The Livingston Farmers Market is now in its ninth
year under the direction of Western Sustainability
Exchange. The market has grown into a significant
community and economic development force.
This market has a relaxed, festival feel to it, according
to Annie Conley, Program Director for WSE.
“Located in Sacajawea Park at the bandshell, it is
framed by the Absaroka Mountains and bordered by
the Yellowstone River,” Conley said. Families and
friends enjoy prepared food and live music while
shopping for fresh local produce, meat and art.
When WSE took over the Livingston Farmers
Market, the record high for vendor participation
was around 30. On busier days they consistently see
70 vendors or more. That has led to an increase in
shoppers. Last year the market generated $174,000
for vendors, Conley said.
“WSE focuses primarily on agriculture and sustainable
management as a way of conserving our unique
landscapes and resources—economically, environmentally,
and socially,” said Conley, “Two-thirds
of Montana’s land base is in the care of agricultural
producers. Sustainable practices on those lands will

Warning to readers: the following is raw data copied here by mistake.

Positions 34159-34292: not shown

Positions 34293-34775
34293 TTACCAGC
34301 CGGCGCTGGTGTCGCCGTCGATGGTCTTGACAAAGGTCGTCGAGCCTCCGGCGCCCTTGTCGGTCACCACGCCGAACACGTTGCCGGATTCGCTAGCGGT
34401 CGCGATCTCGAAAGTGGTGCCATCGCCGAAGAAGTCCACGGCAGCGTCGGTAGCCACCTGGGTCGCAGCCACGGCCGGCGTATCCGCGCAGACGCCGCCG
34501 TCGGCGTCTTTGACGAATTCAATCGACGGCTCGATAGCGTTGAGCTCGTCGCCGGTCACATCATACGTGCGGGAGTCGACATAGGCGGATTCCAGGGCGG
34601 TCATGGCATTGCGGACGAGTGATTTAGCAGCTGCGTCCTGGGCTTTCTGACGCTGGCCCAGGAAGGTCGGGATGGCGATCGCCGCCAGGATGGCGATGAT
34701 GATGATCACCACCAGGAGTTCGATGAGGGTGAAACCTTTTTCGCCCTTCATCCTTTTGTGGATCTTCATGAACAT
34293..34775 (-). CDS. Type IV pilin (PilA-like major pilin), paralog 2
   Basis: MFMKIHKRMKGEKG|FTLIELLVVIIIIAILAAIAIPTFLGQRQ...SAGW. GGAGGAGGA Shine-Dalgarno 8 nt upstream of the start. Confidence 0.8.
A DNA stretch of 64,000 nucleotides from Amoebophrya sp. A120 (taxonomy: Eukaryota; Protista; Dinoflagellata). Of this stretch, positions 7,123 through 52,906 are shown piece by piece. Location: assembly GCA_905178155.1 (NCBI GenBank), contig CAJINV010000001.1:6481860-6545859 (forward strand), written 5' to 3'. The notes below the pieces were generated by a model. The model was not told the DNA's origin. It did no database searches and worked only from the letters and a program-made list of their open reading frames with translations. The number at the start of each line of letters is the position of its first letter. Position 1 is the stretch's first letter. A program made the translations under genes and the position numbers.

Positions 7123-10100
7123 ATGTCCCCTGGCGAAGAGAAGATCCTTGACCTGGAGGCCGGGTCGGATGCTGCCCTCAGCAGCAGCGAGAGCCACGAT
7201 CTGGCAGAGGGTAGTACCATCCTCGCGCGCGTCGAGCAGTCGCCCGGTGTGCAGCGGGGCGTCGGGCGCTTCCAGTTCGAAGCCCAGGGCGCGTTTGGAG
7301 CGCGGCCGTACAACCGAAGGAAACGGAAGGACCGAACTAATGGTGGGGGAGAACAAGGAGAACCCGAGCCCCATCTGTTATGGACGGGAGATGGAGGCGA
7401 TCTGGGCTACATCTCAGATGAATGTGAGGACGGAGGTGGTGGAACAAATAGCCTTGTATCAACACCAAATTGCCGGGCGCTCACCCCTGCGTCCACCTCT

protect what is so special about this region.”
In the Young Entrepreneurs Stewardship program,
WSE jointly holds a camp with Links for Learning,
Junior Achievement and 4-H Biz Kids. WSE teaches
sustainable business practices and helps kids come
up with ideas for the Livingston Farmers Market
“Youth Booths.” The kids fill out their own registration
form, pay their weekly $2.50 vendor fee and
take charge of promoting and selling at their booths.
The vendor fees from “Youth Booths” are collected
at the end of the year; the kids choose a local nonprofit
and then present the organization with those
fees at WSE’s Holiday Farmers Market on the first
Saturday in December.
WSE works on the infrastructure of the local food
system through not only the Livingston Farmers
Market, but also with programs such as the Market
Connection Program, The Montana Farm to Restaurant
Connection and Local Foods Commerce
Days – training, connecting, and promoting buyers,
sellers, processors and distributors. This 17-year old
non-profit also helped the Bozeman Winter Farmers
Market get off its feet. “We bring together players
in the local food system and help them hash out
their problems,” Conley said.